There still seems to be a lot of confusion and misconception surrounding the idea of a ‘common-law spouse’. The question to consider is whether there is such a thing?
The answer is no, a common law spouse does not exist. Your legal rights as a partner depend on whether you are married or living together. Living together with someone is often informally called cohabitation or “common law spouses”.
When a couple have been living together for a number of years, and perhaps have children together, there is often a confusion that the couple are entitled to the same legal status as a married couple.
Although the term common law spouse is frequently used, legally, there is no such thing.
Therefore the couple do not need to formally ‘break up’ as a married couple would through divorce. They do not need to divide up their assets and finances, as a married couple would, unless assets are owned in their joint names.
Legal issues with ‘common law spouse’ arrangements
Some of the complications arising from the separation of an unmarried couple are:
- Claiming a share of the family home which is held in one of the occupant’s names does not automatically apply to unmarried couples. As a starting point the house would be solely owned by the individual whose name is on the legal deeds. However you might still be able to prove your right to the home if you can show that you have ‘beneficial interest’. This usually means you’ve financially contributed to the home – for example by paying a mortgage or deposit.
- Unmarried couples have no duty to provide for each other financially into the future, unlike married couples who sometimes do.
- Unmarried fathers do not automatically have Parental Rights for the child. Only a person who holds parental responsibility can legally have a say in significant decisions about a child’s upbringing. This may include what name the child shall be known by, education, travel and health issues. Those without Parental responsibility do not. Whether a father has parental responsibility depends on the age of the child and whether the unmarried father is named on their birth certificate.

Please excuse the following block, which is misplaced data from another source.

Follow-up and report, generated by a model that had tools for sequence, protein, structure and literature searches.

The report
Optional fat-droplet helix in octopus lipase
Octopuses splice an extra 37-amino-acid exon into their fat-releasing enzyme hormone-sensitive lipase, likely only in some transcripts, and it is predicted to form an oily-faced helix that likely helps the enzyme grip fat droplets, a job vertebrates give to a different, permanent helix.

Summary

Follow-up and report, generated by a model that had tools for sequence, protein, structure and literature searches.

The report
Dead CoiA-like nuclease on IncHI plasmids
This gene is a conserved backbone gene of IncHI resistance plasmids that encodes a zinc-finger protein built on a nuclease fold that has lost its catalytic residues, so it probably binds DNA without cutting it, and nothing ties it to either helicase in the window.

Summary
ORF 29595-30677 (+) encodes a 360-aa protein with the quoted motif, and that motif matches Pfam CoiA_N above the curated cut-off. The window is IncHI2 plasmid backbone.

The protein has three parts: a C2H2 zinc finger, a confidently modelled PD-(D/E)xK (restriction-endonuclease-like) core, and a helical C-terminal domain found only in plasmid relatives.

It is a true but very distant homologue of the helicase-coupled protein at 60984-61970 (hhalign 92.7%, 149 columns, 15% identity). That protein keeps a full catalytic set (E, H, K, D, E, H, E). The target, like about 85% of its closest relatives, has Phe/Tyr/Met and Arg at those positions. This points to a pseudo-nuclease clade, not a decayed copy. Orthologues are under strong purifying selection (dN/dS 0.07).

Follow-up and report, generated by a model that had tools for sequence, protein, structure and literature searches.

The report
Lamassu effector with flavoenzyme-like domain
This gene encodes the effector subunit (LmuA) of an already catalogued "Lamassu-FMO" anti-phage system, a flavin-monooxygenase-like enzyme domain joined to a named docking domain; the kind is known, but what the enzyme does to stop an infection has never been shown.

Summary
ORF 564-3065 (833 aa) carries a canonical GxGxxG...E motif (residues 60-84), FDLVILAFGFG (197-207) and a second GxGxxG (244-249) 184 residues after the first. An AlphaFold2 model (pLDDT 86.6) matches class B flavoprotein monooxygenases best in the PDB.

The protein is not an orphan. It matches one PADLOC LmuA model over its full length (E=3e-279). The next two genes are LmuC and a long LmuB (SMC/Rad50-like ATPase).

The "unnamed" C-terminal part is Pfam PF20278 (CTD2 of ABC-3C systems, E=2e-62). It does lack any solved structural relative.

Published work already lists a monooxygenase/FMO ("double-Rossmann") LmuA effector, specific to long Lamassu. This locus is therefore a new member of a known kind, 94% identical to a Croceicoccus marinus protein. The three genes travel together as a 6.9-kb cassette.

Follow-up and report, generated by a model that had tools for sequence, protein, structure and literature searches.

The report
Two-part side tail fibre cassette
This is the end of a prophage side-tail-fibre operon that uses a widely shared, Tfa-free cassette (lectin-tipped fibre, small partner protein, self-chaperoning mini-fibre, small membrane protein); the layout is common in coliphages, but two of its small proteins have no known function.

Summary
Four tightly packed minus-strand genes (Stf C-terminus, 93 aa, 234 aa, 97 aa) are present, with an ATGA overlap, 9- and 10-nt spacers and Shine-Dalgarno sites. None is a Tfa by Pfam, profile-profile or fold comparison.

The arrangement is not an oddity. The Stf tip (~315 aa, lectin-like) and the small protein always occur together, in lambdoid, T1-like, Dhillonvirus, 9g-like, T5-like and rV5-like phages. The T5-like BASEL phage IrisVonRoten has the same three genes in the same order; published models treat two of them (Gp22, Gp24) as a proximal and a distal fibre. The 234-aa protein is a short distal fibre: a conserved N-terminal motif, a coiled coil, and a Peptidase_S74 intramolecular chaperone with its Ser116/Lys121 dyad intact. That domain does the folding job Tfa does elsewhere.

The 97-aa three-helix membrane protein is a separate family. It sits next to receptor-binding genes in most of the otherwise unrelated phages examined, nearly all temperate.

- If you are living together and you and your partner have separate bank accounts, neither of you have the right to access money held in the other partner’s account. Furthermore, if you have a joint bank account and one of you didn’t use the account at all, for example, you didn’t pay any money in or take any out, it may be difficult to claim that you have any right to it.
- If one partner dies without leaving a will, the surviving partner will not automatically inherit anything unless the couple owned property jointly.
- If you inherit money or property from an unmarried partner, you are not exempt from paying inheritance tax, as married couples are.
You can formalise the legal aspects of your relationship with a common law spouse by drawing up a legal agreement called a ‘cohabitation agreement’, also called a ‘living together agreement’.
A cohabitation agreement outlines the rights and obligations of each partner towards each other and it is legally binding. Although this may seem formal, it’s a sensible and common method of protecting your assets and possessions and right to claim them if you are living with a partner and have no intention marry in the near future.
You can find more on Cohabitation Agreements here.
It is also advisable to have a Will which will outline exactly what will happen to your possessions and finances when you die.
You should always seek legal advice if you have any worries about ownership of assets and finances, or your rights in an unmarried relationship.
At Howells we have a long history of advising married and unmarried couples, and we can prepare cohabitation contracts or living together agreements, together with a Will.
Our Family Law department offer a free 30 minute consultation, fixed fees where appropriate and flexible appointments to suit your needs.
you can email Howells to make an appointment at email@example.com or call us:
Sheffield: 0114 249 66 66
Barnsley: 0122 680 51 90
Rotherham: 0170 936 40 00
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